T: “6 Music asked us to do a Michael Jackson cover but all the best ones had been taken. We still made a decent stab of doing a Northern Funk version of It’s The Falling In Love from Off The Wall. We ended up putting it on our album at the time.”

S: “It’s got a similar vibe to our version of Hot Chocolate’s You Could’ve Been A Lady.”

T: “Now that’s got a fantastic guitar riff. People only reference that band for You Sexy Thing, but their back catalogue is immense.”

NS: On Solid Brass the music feels ageless in terms of sound. Put it on and you’ve got all your music for a party sorted.

S: “That’s the idea, really. A CD of all the bangers from over the years. We know what our audiences have reacted to the most and we also went on what you’d stick together as a DJ to get the party going.”  

NS: You’re touring the album all year. Is it more exhausting or exhilarating?

T: “By mid-December I’m spent as far as touring goes. We’ve done it for so long and it remains our main route to getting our music out there, but we’ve got a great set of lads in the band so it’s like a family.”

S: “We’re really fortunate that through gigging over the years we’ve built up a great fan base so we can go to all the major cities and know there’s going to be a crowd there. We wouldn’t still be able to do this if we didn’t have that audience.”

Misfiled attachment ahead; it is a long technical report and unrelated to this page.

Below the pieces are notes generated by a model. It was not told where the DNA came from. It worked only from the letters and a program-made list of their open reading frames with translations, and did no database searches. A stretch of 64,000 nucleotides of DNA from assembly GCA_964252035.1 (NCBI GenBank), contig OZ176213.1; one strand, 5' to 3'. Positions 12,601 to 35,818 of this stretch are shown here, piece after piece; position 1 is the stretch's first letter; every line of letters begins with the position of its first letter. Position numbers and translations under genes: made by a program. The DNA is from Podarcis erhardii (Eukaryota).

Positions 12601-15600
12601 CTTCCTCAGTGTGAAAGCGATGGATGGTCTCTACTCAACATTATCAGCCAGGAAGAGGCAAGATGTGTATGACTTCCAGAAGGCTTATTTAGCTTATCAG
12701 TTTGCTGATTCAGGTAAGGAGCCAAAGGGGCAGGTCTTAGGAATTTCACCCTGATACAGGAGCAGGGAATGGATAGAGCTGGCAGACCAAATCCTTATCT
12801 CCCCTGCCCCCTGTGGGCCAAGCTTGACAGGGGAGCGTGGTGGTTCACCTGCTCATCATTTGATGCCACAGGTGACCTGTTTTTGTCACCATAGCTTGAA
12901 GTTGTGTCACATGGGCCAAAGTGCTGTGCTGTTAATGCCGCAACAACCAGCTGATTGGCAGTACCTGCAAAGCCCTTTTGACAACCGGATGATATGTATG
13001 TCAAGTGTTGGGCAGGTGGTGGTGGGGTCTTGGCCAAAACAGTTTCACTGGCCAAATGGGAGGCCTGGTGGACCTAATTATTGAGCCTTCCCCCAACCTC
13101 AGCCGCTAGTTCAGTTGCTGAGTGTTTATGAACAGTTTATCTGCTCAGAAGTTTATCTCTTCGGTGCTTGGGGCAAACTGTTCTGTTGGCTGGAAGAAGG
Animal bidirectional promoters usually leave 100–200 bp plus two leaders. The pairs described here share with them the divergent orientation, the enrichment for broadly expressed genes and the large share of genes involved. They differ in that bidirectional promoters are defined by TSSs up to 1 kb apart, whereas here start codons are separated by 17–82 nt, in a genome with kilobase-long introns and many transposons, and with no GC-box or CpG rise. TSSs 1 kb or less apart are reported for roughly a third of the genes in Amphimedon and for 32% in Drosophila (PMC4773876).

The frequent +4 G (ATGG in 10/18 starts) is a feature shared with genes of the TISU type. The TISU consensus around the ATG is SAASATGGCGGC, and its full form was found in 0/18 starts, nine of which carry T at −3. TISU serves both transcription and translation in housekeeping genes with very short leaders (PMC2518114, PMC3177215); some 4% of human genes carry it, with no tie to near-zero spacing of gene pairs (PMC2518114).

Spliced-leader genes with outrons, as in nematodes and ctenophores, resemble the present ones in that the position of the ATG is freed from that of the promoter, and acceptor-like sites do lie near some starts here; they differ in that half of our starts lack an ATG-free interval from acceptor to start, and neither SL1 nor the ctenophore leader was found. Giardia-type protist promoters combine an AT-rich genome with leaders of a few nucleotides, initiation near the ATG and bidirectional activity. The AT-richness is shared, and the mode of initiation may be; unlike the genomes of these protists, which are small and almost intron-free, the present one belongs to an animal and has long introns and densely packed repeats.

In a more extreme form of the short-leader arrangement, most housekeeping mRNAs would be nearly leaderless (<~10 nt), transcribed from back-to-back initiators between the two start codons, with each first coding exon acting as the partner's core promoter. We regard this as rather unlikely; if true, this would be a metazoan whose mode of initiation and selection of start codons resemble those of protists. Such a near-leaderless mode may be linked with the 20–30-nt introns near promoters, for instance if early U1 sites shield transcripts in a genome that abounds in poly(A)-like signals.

S&T Press Pic 2019NS: Life on the road has its challenges. Have you ever fallen out?

T: “It takes a lot to be in each other’s pockets for months on end, but we have a great work ethic and have great musicians so there’s no egos or big arguments. Like any family you have rows here and there and band members have come and gone but our line-up for the past two years is the most relaxed it’s ever been. There’s no conflict of interest and everyone’s in it together to do the best we can.”

S: “One of the things we look for in a musician coming in to the band is, can we share a room with them? It comes down to the person themselves as much as how good they are on their instrument because they aren’t going to last five minutes if no one can get on with them.”

NS: A lot of the influences in your music are classic and timeless but are there any recent artists interesting you?

T: “There’s so much good music out there that isn’t in the mainstream. I love people like Anderson Paak and Kendrick Lamar who come up with their own unique sound.”

S: “I’m really into this Scottish guy called C Duncan. His stuff is beautifully recorded.”

NS: After the tour what’s next for Smoove & Turrell?

T: “We’re writing a new album, our seventh, at the moment. It wraps up the trilogy of albums following Crown Posada (2016) and Mount Pleasant (2018). So far, it’s edging towards a more dancier sound. We wanted to reflect our inspirations growing up. I was massively into Detroit House and Smoove loved golden era hip-hop so it might turn out to be more of a house party album. We’re also thinking about doing an acoustic album with live singers and brass.”

S: “We do the occasional intimate gig like that and they sell out straight away so that’s definitely worthwhile.”

By Drew Tosh

Photos by Jack Stocker


Solid Brass: Ten Years of Northern FunkSolid Brass: Ten Years of Northern Funk is out now on Jalapeno Records

Solid Brass Tour: